There is no standard definition of what makes a pet exotic. Many veterinarians define an exotic pet as anything other than livestock, cats, or dogs. Other veterinarians may define them as species rarely seen in the United States. Before you get exotic pets, you need to find a veterinarian for them, such as Lancaster Animal Clinic in Lancaster, OH.
The fastest growing segment of the pet population is reptiles, including snakes, turtles, and lizards. In 2020, 4.5 percent of American households had a reptile as a pet. This has doubled since 2007. The most popular pet reptiles in the world are bearded dragons, a group of friendly and hardy lizards from Australia. Reptiles need extensive equipment like heaters and large homes to keep them healthy. Do your research thoroughly before bringing home a reptile.
These include salamanders, frogs, and toads. They do not take up as much room as reptiles, but still have very labor-intensive needs. They need access to water, heaters, and live foods like mealworms. Some frogs do grow large, so be sure to do research on the species of amphibian you want before bringing one home.
These small pets are friendly, funny, and very popular. They get along with many other pets, but should not be kept in homes with pet rodents, as ferrets will hunt and eat them. They do require some vaccinations, and should be neutered to avoid odor and some health problems. Although they are banned in some parts of America, Ohio allows them.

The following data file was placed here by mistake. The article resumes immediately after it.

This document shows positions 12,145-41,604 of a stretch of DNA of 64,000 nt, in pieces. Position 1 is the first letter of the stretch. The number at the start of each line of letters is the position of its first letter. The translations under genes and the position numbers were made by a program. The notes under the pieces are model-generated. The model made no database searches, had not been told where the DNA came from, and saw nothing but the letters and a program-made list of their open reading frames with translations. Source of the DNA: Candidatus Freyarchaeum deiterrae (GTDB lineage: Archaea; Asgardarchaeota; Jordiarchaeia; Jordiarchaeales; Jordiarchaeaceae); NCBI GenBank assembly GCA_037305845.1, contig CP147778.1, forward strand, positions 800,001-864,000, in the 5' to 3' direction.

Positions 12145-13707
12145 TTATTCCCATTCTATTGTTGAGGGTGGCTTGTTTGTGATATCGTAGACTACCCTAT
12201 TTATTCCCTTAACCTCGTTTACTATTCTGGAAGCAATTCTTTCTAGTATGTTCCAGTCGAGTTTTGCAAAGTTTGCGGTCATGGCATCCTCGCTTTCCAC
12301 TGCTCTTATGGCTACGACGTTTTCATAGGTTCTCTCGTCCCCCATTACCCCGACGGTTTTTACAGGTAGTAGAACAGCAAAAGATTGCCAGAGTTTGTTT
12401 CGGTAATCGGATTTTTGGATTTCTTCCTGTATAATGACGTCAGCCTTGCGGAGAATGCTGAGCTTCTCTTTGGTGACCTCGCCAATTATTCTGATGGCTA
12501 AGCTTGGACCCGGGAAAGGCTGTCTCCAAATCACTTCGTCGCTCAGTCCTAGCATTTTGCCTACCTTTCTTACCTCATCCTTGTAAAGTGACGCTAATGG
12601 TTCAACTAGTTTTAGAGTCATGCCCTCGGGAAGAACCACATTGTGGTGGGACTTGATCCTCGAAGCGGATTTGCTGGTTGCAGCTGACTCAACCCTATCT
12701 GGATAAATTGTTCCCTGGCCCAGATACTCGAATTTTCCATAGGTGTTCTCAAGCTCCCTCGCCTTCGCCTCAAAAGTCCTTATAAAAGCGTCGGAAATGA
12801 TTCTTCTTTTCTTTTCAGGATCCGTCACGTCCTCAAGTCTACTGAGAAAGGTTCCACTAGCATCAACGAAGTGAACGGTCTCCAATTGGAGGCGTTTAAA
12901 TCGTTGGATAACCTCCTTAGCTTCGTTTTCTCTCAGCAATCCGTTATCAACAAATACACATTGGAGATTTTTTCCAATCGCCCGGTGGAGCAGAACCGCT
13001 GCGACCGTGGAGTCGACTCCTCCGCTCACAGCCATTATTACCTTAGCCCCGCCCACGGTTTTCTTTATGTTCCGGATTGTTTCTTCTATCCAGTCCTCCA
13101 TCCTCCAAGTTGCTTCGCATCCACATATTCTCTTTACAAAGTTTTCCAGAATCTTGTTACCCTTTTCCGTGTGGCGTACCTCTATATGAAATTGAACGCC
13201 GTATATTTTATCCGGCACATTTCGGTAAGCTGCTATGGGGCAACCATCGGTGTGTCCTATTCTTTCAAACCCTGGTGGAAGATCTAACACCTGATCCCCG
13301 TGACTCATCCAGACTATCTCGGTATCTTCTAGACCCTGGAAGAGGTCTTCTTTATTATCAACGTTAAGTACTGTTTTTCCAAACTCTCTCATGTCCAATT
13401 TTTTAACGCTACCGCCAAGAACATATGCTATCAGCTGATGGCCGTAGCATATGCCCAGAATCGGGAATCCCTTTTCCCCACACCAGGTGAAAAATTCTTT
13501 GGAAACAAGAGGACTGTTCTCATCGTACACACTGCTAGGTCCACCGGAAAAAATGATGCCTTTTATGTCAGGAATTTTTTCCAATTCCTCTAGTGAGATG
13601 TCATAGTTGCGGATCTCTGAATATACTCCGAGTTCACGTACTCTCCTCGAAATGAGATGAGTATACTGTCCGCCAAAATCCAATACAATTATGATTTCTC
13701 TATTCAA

Small rodents like mice, gerbils, and hamsters are called “pocket pets” since they can fit in your pocket. Somehow, larger pets like rats and guinea pigs got lumped into the same category. Although they are seen as “beginner pets” for children, each species has specific needs. Gerbils, for example, can’t live alone or they will die of stress. Syrian or golden hamsters are better off being kept alone. Guinea pigs can’t make vitamin C in their bodies and need foods or treats enriched with vitamin C.
Rabbits have larger-than-life personalities and are quite intelligent. Sometimes, they are lumped together with pocket pets, even though some breeds can grow quite large. They come in many different colors. They can do well in homes with other pets. Contrary to popular belief, they should not be kept with guinea pigs, as they can bully the guinea pigs. It is recommended to spay or neuter rabbits to reduce some health problems and eliminate the chance of unwanted babies.
Need a Vet for Your Exotic Pets in Lancaster, OH?
If you need a vet for your exotic pets, small pets or pocket pets and live in the Lancaster, OH area, contact Lancaster Animal Clinic at (740) 687-1591 to make an appointment today.